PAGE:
Jumper pack peak amp rating
Lots of people rely on jumper pack peak amp rating. That’s a HUGE mistake because peak amps really isn’t a good indicator of the jumper pack’s ability to start your engine. From Jim O’Hara at Clore/Solar “Peak amps do start engines.” Jim’s right. There is NO industry-standard test for peak amps. It can mean anything the jumper pack manufacturer wants it to mean. So, it’s actually a meaningless term.
Battery ratings require time and temperature standards
To properly rate a battery’s jumping ability, you have to test it at an industry defined temperature, for an industry defined time period, with an industry defined maximum drop in voltage. Here’s the definition of cranking amps:
Cranking amps definition
Cranking amps (CA) refers to the number of amps a battery can output at 32°F (0°C) for 30-seconds while still maintaining at least 7.2 volts. The reason cranking amps is more important than peak amps is that people usually use a jumper pack to start their car in cold weather. Batteries produce power through a chemical reaction and that reaction slows when it’s cold. So you want a rating that’s based on a set temperature, which peak amps don’t have.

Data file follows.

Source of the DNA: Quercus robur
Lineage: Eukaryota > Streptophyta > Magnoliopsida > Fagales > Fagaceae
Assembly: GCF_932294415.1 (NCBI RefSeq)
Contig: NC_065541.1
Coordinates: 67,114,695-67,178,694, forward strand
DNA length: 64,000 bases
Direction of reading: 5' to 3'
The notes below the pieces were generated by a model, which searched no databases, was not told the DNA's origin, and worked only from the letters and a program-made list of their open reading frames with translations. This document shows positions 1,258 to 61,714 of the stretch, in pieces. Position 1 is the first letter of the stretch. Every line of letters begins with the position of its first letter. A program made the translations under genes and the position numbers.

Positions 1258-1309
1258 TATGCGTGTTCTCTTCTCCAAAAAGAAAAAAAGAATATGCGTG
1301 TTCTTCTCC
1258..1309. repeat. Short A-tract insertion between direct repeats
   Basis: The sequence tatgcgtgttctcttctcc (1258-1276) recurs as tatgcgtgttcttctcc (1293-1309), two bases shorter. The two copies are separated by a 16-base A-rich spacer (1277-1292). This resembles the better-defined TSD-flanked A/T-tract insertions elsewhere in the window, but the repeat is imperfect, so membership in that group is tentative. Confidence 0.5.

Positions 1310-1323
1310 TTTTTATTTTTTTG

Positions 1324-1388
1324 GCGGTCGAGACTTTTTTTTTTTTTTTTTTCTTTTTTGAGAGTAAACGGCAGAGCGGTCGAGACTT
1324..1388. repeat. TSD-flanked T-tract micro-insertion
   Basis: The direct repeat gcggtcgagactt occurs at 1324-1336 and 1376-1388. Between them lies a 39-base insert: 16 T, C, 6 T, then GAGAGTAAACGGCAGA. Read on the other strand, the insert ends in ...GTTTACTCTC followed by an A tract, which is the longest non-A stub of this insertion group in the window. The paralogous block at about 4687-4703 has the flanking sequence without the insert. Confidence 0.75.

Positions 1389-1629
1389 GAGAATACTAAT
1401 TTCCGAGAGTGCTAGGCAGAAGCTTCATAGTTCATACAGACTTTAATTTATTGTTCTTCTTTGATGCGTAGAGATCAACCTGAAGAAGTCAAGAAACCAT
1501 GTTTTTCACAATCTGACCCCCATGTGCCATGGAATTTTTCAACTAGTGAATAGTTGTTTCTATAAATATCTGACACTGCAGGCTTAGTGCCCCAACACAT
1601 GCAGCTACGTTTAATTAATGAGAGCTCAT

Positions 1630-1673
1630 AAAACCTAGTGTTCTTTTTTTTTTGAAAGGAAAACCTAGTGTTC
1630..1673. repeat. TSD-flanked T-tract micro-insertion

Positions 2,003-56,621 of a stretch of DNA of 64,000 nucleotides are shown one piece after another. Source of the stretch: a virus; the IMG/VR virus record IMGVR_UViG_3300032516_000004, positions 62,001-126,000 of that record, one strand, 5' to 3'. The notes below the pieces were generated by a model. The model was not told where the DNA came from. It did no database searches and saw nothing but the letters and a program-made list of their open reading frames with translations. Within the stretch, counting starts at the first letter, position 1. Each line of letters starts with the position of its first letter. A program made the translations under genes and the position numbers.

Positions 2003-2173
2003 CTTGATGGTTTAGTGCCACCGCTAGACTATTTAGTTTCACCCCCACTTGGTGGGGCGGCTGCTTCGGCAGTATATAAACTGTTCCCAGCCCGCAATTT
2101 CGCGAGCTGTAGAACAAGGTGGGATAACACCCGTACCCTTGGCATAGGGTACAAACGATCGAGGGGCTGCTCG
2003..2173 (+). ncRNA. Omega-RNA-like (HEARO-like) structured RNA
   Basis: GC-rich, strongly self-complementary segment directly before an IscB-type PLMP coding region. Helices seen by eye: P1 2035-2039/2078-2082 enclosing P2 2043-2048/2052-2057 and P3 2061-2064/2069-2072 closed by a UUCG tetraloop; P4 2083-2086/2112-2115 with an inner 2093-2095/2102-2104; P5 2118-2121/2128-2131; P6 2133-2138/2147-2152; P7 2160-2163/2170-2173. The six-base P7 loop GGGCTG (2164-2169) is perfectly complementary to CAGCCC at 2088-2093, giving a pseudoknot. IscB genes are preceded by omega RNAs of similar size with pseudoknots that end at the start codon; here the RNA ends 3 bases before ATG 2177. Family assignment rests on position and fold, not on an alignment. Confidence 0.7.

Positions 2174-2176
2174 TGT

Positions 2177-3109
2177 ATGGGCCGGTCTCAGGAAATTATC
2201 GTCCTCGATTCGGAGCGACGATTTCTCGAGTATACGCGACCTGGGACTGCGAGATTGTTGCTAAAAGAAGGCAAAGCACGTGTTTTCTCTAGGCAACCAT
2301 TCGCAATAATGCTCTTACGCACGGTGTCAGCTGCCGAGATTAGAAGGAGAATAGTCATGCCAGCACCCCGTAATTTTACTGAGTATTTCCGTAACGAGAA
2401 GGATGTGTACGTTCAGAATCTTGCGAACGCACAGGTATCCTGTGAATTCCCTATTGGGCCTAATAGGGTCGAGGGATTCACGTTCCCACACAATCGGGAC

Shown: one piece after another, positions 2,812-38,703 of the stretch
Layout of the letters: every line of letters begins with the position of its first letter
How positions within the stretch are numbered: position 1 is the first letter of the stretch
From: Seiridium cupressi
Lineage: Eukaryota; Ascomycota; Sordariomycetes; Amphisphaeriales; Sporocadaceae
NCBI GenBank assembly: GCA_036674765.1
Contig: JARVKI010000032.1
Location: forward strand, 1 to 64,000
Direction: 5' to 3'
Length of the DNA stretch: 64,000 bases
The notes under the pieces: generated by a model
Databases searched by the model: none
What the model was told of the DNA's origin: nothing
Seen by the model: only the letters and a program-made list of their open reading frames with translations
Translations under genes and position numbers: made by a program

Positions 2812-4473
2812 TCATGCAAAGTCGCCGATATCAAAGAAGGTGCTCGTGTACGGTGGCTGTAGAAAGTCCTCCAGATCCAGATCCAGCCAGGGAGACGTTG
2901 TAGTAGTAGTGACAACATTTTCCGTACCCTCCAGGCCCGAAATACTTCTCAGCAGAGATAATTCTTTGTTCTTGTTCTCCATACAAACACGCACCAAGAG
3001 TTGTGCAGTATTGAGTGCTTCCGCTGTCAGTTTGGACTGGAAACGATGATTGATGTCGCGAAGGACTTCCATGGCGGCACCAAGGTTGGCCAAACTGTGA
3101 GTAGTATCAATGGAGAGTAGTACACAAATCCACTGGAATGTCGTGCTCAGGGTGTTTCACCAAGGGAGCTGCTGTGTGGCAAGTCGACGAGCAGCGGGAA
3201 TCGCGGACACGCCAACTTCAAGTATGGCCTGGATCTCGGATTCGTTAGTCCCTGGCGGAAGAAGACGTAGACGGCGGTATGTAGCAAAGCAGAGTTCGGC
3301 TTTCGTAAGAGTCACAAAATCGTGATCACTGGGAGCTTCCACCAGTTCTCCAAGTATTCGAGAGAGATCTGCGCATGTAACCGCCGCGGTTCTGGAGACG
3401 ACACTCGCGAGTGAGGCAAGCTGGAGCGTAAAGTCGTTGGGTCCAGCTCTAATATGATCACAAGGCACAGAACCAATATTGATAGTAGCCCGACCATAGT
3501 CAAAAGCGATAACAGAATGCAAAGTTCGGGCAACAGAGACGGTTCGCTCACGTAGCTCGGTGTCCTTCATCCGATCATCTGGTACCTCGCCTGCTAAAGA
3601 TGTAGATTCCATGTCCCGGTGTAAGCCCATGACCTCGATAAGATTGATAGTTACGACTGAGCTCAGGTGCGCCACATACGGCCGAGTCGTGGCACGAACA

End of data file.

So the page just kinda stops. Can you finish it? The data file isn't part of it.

In addition to temperature, you also want to know how long a battery can output the specified number of amps. Think about, what good is a battery that puts out more amps but for such a short period of time that it can’t start your engine. Finally, when the battery voltage drops below a certain point, it can no longer operate the starter motor. That’s why cranking amps cover total amp output at a set temperature, for a set period of time, all while maintaining a voltage above a set minimum.
Cold cranking amps (CCA) is like CA except that the rating is based on amperage output at 0°F (-17.8°C).
Peak amps are meaningless
So if a jumper pack manufacturer says their pack puts out 900 peak amps, do we know how the test was conducted? Do we know how long the test was for? Do we know what battery pack voltage fell to during the test? If not, the peak amp term means nothing. millisecond?
You can’t even use peak amps to compare one brand of jumper pack to another since each manufacturer’s testing method may be different. That makes jumper pack peak amp claims even more dubious.
One manufacturer’s 1,300 peak amp battery pack may not start your engine while another brand rated at 800 peak amp might.Posted on by Rick Muscoplat